Learning To Trust Your Training

Trust Your Fitness

In the spring of 2007 I qualified for my second USA Track & Field Championships in the 10,000 meters. While I had competed in this same event a year earlier, I was still in awe that I would lining up with the best 10K runners in the country.

My training and racing had been going well, and I had honed a consistent, negative-split racing strategy that helped me place high in even the most competitive races. But as I sat in my hotel room the night before the race and looked at the entry list, all confidence in my training and fitness began to wane. I scrolled my finger down the list and analyzed the well-known runners I would be competing against the next day: Galen Rupp, Meb Keflezighi, Abdi Abdirahman, Dathan Ritzenhein, Ryan Hall — I was going to get my butt kicked.

RELATED: Four Ways To Dominate Your Next Race

By the time I toed the line that Saturday evening, the confidence I had in my fitness and my race plan was non-existent. When the gun sounded, I ditched my race plan and just stuck myself in the middle of the pack,  “hoping” I would run well and others would fade away. As the race began to heat up after 5K I found myself questioning my fitness — not the mindset you want to have midway through your biggest race of the season. When a runner would pass me I began thinking to myself, “Geez, these guys are fast. What am I doing here? They aren’t going to come back to me.”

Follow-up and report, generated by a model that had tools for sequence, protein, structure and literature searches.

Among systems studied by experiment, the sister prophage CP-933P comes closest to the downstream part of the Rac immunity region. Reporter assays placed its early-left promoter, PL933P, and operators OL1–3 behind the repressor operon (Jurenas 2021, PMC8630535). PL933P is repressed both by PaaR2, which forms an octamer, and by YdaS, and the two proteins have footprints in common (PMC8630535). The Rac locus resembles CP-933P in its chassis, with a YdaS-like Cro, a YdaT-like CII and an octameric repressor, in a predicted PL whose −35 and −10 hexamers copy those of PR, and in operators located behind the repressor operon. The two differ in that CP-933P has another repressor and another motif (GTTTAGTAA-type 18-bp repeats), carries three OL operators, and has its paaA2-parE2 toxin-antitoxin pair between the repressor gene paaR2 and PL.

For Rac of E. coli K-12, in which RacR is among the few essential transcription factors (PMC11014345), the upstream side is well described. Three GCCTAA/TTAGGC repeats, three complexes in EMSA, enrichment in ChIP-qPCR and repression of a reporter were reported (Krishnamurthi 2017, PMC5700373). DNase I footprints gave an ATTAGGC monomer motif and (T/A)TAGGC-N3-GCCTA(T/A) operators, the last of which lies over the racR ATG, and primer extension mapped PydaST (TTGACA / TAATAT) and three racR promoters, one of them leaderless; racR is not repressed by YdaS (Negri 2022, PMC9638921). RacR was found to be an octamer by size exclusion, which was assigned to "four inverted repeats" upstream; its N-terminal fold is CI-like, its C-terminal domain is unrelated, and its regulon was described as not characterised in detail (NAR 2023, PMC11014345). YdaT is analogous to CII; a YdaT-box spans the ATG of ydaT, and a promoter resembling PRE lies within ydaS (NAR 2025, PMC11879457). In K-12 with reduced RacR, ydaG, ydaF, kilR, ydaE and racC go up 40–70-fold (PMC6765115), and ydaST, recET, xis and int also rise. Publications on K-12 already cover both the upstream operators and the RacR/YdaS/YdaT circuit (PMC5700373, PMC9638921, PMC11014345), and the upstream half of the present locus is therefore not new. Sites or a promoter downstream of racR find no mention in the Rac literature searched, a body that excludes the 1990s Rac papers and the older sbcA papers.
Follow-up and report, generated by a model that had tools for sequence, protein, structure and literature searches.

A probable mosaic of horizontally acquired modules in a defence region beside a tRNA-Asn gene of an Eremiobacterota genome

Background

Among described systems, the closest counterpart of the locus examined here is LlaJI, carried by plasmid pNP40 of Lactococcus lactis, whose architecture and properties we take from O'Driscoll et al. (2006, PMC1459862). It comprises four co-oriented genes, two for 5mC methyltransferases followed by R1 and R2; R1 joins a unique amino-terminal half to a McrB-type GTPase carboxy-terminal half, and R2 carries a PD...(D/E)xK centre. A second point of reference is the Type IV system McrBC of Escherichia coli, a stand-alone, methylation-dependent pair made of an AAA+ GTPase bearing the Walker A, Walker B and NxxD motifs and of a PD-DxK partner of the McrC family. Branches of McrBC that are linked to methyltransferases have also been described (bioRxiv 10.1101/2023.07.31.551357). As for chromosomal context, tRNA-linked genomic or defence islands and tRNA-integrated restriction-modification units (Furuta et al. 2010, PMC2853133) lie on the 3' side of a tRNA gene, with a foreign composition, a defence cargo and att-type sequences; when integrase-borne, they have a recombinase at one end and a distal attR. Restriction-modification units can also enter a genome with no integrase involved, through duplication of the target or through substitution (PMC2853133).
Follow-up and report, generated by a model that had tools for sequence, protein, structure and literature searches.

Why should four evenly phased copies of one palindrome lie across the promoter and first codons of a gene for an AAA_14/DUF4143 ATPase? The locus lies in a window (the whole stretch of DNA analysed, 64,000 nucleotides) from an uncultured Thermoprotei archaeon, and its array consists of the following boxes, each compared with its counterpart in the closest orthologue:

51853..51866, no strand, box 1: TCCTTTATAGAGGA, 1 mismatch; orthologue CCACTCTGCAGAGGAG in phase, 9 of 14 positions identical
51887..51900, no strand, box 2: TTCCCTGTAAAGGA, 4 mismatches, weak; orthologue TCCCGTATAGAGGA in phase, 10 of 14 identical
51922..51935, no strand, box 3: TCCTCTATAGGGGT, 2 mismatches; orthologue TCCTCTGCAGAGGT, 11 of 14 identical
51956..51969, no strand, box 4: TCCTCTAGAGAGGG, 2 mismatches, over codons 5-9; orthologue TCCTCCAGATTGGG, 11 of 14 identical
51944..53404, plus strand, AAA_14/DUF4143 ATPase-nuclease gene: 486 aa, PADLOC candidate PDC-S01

When the dust finally settled, I finished in second to last place in the slowest 10K time of my career. If I had only trusted my training and my race strategy by running the race I knew I was capable of, I would have finished in the top-10.

Your takeaway:

To consistently run well, it’s critical that you have an unwavering belief in your fitness and your race plan. When you line up at your next race, don’t let that “really fit looking runner” derail your own self-confidence and don’t get sucked into starting too fast because you’re worried your negative split race strategy won’t work.

I’ve written a few articles on the power of self-belief and mental training that can help you maintain your confidence when you begin to doubt yourself. Practice these mental strategies in training and implement them on race day to ensure that you always trust your fitness.

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